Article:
We're adding in a new unit this week--the kids requested Medieval history, so we're starting volume 2 of Story of the World. On this day, we'll just read/listen to the chapter, then go over the reading comprehension questions in the activity book.
Syd's special unit this semester is cooking and baking. This week, she wants to bake the cinnamon rolls from the Nerdy Nummies cookbook--to say that I'm excited is an understatement! I hope she succeeds, as I've actually tried cinnamon rolls from scratch two different times, and I've not been happy with either batch.
THURSDAY: Today's Story of Science enrichment is Aristotle's celestial spheres. I want the kids to understand what the great minds of the ancient civilizations thought of our universe, and Aristotle's concept is one of the most beautiful of concepts--totally wrong, of course, but beautiful. I'll give the kids the option of making either a two-dimensional model of the celestial spheres on poster board, using a compass, or a three-dimensional model with Sculpey. I'll be curious to see who chooses what.
The Story of the World mapwork takes just a few minutes, although it is parent-directed. To make it a little more sophisticated, I'll likely ask the children to also mark the important Greek cities on the map.
FRIDAY: Syd is learning how to multiply fractions in her current math unit, and Will could always use a review, as she struggled with remembering the algorithm a little during her rational numbers unit. I caught her inverting as if she was dividing a couple of times, which tells me that she doesn't yet truly understand the concept of what she's doing. So on this day, the kids will make some models of multiplying with fractions on transparencies or cellophane, and we'll put them in the window to look pretty and to serve as a reminder of what multiplying a fraction really looks like. The idea is that if you can visualize what 1/3 times 1/3 should look like, you're unlikely to tell me that the answer is 1.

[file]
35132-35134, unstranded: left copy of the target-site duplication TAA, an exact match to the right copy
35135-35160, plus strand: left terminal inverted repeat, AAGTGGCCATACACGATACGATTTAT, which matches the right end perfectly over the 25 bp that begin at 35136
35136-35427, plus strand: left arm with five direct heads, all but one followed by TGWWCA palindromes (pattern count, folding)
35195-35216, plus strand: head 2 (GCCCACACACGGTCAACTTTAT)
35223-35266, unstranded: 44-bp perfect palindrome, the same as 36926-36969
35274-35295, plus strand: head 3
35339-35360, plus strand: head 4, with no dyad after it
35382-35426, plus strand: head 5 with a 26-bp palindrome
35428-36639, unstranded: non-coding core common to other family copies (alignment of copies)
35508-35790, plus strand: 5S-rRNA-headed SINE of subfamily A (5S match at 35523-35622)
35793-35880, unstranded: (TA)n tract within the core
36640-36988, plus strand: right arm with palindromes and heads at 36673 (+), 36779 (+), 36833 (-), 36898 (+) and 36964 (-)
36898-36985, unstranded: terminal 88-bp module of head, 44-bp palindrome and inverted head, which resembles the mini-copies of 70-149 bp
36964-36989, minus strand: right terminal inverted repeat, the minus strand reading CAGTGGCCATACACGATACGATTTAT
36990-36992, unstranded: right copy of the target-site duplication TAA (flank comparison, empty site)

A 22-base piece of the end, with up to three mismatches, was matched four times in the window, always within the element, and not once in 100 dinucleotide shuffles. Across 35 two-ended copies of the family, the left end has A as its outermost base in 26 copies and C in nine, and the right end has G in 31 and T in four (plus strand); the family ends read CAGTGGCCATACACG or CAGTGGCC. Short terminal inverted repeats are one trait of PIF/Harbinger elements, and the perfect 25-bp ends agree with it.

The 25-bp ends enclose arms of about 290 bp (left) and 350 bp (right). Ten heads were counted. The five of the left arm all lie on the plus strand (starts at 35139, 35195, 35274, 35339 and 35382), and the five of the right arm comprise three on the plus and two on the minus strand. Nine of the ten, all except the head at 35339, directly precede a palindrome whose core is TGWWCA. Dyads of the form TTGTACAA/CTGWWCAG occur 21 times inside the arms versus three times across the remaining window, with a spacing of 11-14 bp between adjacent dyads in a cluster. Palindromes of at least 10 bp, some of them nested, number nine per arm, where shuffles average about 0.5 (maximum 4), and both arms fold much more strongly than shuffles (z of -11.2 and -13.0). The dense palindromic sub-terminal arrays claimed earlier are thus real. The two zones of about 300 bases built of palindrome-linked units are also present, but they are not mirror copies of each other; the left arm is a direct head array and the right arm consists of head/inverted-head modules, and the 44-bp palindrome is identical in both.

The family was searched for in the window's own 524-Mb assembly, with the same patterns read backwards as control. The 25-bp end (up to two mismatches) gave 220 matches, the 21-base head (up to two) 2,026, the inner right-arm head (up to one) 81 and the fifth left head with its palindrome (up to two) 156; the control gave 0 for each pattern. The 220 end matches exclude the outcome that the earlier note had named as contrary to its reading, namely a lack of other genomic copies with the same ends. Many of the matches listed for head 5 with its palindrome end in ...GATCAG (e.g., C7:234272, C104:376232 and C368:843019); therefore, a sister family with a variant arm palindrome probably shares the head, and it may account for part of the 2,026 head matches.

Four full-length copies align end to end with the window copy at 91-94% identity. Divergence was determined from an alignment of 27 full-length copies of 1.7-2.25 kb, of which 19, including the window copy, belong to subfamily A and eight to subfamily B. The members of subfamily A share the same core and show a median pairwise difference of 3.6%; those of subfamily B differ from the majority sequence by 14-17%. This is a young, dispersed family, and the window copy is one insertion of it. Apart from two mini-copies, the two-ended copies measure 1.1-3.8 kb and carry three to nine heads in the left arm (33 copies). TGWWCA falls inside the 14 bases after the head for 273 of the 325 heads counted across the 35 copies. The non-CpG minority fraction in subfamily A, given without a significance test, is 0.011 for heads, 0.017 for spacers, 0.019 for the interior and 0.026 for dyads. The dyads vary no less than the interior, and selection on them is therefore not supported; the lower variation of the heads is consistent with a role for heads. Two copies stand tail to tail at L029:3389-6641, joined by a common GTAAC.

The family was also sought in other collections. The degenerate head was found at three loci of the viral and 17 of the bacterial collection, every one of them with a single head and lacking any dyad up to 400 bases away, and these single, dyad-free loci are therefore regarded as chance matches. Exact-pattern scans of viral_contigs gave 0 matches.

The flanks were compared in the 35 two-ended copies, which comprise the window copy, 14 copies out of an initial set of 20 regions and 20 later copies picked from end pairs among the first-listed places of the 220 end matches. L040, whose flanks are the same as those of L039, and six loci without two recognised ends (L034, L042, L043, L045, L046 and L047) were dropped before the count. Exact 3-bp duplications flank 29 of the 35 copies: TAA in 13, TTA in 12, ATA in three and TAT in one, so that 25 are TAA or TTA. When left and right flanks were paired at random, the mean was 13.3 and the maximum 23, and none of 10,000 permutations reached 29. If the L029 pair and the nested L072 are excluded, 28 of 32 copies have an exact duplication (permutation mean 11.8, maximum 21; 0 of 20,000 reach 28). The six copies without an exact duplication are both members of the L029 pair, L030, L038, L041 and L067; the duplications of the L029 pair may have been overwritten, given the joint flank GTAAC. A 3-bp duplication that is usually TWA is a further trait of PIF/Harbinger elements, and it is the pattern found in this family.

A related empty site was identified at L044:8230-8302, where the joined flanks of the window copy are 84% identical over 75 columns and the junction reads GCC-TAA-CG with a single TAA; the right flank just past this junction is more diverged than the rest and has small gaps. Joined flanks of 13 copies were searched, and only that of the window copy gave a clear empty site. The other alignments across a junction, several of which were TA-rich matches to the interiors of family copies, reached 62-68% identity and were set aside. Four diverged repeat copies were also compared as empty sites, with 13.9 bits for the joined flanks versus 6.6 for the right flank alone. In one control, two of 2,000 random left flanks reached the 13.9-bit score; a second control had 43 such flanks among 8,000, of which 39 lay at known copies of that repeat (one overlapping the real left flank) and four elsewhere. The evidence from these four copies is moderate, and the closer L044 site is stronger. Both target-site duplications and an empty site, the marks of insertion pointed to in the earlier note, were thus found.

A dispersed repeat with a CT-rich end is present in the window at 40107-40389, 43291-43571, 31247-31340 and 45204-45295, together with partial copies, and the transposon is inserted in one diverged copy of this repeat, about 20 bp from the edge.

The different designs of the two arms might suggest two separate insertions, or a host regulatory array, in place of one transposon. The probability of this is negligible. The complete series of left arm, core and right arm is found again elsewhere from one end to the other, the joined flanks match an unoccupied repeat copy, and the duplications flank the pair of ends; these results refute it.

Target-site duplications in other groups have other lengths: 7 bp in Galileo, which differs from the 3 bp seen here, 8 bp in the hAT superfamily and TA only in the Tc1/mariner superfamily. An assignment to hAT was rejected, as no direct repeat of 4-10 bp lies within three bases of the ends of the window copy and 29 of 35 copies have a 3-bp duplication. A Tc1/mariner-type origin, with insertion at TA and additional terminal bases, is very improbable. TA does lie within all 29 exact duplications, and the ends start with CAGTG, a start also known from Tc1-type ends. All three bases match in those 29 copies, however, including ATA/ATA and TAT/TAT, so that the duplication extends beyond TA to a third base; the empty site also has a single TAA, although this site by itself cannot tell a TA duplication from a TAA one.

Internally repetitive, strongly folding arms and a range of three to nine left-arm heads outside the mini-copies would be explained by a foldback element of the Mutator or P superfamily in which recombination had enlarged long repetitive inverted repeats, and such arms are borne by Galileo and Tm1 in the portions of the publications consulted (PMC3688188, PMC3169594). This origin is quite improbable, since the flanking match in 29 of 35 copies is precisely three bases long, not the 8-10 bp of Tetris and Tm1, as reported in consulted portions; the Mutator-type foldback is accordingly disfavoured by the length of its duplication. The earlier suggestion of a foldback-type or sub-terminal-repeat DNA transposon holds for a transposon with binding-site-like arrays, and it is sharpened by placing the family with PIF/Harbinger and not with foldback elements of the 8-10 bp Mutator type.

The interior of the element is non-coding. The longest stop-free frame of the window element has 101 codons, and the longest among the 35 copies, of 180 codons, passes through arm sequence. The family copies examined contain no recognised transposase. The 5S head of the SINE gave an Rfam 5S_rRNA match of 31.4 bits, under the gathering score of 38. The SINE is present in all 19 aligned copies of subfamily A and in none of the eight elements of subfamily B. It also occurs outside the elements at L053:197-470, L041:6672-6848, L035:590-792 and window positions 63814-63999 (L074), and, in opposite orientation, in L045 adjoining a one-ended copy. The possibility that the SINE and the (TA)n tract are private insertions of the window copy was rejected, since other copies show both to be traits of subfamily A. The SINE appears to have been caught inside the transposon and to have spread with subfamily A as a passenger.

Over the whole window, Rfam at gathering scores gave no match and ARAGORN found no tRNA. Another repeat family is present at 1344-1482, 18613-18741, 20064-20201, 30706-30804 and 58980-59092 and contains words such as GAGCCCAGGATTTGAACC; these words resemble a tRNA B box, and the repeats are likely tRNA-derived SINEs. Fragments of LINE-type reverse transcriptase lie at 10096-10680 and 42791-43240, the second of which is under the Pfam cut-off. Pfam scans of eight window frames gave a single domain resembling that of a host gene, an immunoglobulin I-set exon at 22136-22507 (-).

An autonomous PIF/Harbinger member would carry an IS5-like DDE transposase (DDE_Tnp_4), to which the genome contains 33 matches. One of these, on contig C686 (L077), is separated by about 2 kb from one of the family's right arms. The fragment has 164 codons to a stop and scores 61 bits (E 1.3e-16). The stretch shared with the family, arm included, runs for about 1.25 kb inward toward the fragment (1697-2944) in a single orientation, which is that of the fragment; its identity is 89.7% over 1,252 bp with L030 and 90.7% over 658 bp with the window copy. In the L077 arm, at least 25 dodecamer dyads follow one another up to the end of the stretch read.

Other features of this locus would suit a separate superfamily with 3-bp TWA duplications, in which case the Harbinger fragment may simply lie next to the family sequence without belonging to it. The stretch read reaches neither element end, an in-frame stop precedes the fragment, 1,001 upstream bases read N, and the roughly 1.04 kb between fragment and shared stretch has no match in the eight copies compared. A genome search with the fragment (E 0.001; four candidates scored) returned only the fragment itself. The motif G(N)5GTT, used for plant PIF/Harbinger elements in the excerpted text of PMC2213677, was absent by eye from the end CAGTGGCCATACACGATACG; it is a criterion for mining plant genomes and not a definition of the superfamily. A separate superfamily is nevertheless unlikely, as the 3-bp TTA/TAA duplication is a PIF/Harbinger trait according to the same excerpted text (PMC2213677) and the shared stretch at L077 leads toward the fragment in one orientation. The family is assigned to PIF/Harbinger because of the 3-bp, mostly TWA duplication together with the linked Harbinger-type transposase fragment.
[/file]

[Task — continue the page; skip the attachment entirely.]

This week's SOTW chapter is really just a background on the fall of the Roman Empire, so the only enrichment that the kids are going to do is to play around on the BBC site for Ancient Rome. I imagine that there will be more hands-on assignments in future weeks.
The Junior Underwater Explorer badge is another book that the kids picked up during our road trip, so they should have already started on it. I really like this book because it includes some hands-on activities--those red-boxed ones that I told the children that they had to do. They should be able to complete them all independently, which is the gold standard for Friday work--by Friday, I'm tired!
SATURDAY/SUNDAY: The kids have their regular Saturday extracurriculars, and Syd has a sleepover, which means special time with Will. That will flip the next day, as Syd and I will spend nearly the entire day prepping for that evening's Trashion/Refashion Show, where Supergirl of the Night will make her debut. Afterwards, it'll have to be straight to bed, because the next day these girls are throwing a party for some very, very, VERY excited little preschoolers!